# Credit Card Checker - validateCred getting every iteration in output

**Hi everyone, **

**I was wondering if any of you could help me figure out what I’m doing wrong in the Credit Card Checker exercise for the validateCred function. My output thus far is giving me each and every iteration of my loop, when I really only want the last one. Trouble is, I don’t know how to just get that one. **

This is my code (I’ve left out all the additional arrays and only included the one I’m testing with):

``````// All valid credit card numbers
const valid1 = [4, 5, 3, 9, 6, 7, 7, 9, 0, 8, 0, 1, 6, 8, 0, 8];

const validateCred = (array) => {

array.reverse();
const cardLength = array.length;
const checkDigit= array[0];
let newArray = [];

for (let i = 1; i < cardLength; i++) {

if (i % 2 === 0) {
newArray.push(array[i]);
}
else if (i % 2 !== 0) {
const odd = array[i] * 2;
if (odd > 9){
newArray.push(odd - 9);
}
else {
newArray.push(odd);
}
}

const x = newArray;
console.log(x);

const newArraySum = x.reduce((acc, val) => {
return acc + val;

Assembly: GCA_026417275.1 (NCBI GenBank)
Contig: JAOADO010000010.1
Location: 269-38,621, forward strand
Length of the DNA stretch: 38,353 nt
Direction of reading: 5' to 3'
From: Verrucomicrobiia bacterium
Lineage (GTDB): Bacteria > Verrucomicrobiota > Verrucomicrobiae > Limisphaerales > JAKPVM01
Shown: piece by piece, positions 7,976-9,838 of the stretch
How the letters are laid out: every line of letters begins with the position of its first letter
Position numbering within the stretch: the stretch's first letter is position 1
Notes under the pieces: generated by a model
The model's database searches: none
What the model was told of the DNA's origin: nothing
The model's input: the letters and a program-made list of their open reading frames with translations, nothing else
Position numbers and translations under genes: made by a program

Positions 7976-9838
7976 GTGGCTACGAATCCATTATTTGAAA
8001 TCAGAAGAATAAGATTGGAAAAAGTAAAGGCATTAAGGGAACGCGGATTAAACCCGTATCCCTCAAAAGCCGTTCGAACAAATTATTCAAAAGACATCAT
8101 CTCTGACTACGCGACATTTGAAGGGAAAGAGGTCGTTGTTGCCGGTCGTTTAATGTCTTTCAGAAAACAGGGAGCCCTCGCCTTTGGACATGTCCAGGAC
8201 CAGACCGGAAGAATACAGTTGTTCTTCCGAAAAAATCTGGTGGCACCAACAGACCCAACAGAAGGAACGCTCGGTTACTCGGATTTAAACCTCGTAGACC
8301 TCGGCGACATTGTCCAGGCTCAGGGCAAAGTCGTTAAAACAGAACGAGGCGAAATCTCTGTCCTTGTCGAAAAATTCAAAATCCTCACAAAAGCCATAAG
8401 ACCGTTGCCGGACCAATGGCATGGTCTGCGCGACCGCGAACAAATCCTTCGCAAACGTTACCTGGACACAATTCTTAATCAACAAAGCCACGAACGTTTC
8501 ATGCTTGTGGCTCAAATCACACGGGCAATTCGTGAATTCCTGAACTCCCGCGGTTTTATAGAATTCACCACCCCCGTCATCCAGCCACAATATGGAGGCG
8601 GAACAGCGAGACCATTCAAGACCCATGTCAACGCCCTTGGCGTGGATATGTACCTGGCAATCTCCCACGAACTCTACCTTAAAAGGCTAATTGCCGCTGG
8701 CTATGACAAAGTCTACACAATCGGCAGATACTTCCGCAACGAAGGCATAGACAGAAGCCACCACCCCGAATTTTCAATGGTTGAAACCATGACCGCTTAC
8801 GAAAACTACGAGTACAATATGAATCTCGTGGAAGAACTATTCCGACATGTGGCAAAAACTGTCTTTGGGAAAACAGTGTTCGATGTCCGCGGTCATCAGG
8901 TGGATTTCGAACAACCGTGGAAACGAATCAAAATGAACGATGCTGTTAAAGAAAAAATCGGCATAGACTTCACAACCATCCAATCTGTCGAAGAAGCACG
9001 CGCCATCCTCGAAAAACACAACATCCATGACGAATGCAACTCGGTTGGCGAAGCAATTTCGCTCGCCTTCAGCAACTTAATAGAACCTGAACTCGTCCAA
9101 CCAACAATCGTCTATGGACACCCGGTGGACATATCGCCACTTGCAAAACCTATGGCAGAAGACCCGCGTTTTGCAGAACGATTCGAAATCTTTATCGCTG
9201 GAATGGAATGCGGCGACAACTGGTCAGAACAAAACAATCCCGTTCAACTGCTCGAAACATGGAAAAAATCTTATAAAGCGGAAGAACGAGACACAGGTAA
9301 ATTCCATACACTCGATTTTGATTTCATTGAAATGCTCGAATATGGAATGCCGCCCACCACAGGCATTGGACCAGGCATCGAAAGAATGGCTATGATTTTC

});

totalSum = newArraySum + checkDigit;
console.log(totalSum);

/*if (totalSum % 10 === 0){
return true;
}
else {
return false;
}*/
}
}
validateCred (valid1);

``````

The result I end up with is:

``````[ 0 ]
8
[ 0, 8 ]
16
[ 0, 8, 3 ]
19
[ 0, 8, 3, 1 ]
20
[ 0, 8, 3, 1, 0 ]
20
[ 0, 8, 3, 1, 0, 8 ]
28
[ 0, 8, 3, 1, 0, 8, 0 ]
28
[ 0, 8, 3, 1, 0, 8, 0, 9 ]
37
[ 0, 8, 3, 1, 0, 8, 0, 9, 5 ]
42
[ 0, 8, 3, 1, 0, 8, 0, 9, 5, 7 ]
49
[ 0, 8, 3, 1, 0, 8, 0, 9, 5, 7, 3 ]
52
[ 0, 8, 3, 1, 0, 8, 0, 9, 5, 7, 3, 9 ]
61
[ 0, 8, 3, 1, 0, 8, 0, 9, 5, 7, 3, 9, 6 ]
67
[ 0, 8, 3, 1, 0, 8, 0, 9, 5, 7, 3, 9, 6, 5 ]
72
[ 0, 8, 3, 1, 0, 8, 0, 9, 5, 7, 3, 9, 6, 5, 8 ]
80
``````

Hi, welcome to the forums! Without looking at it in too much detail, I believe you’ve let your for-loop envelop more than you wanted to. I commented on some of the code.

``````for (let i = 1; i < cardLength; i++) {

if (i % 2 === 0) {
newArray.push(array[i]);
}
else if (i % 2 !== 0) { // when does this close?
const odd = array[i] * 2;
if (odd > 9){
newArray.push(odd - 9);
}
else {
newArray.push(odd);
}
} // which means this doesn't close the for-loop

const x = newArray;
console.log(x);
``````

Oh my gosh. Something so simple. I moved the } where you mentioned and it worked. And to think I spent hours trying to figure it out. haha. Thank you!!!

No problem!

In javascript that’s the first thing I look out for when it’s a strange error I can’t wrap my head around, I just make sure all my brackets are taken care of. With enough practice you start getting better habits about tracking them, and seeing when they’re not closed.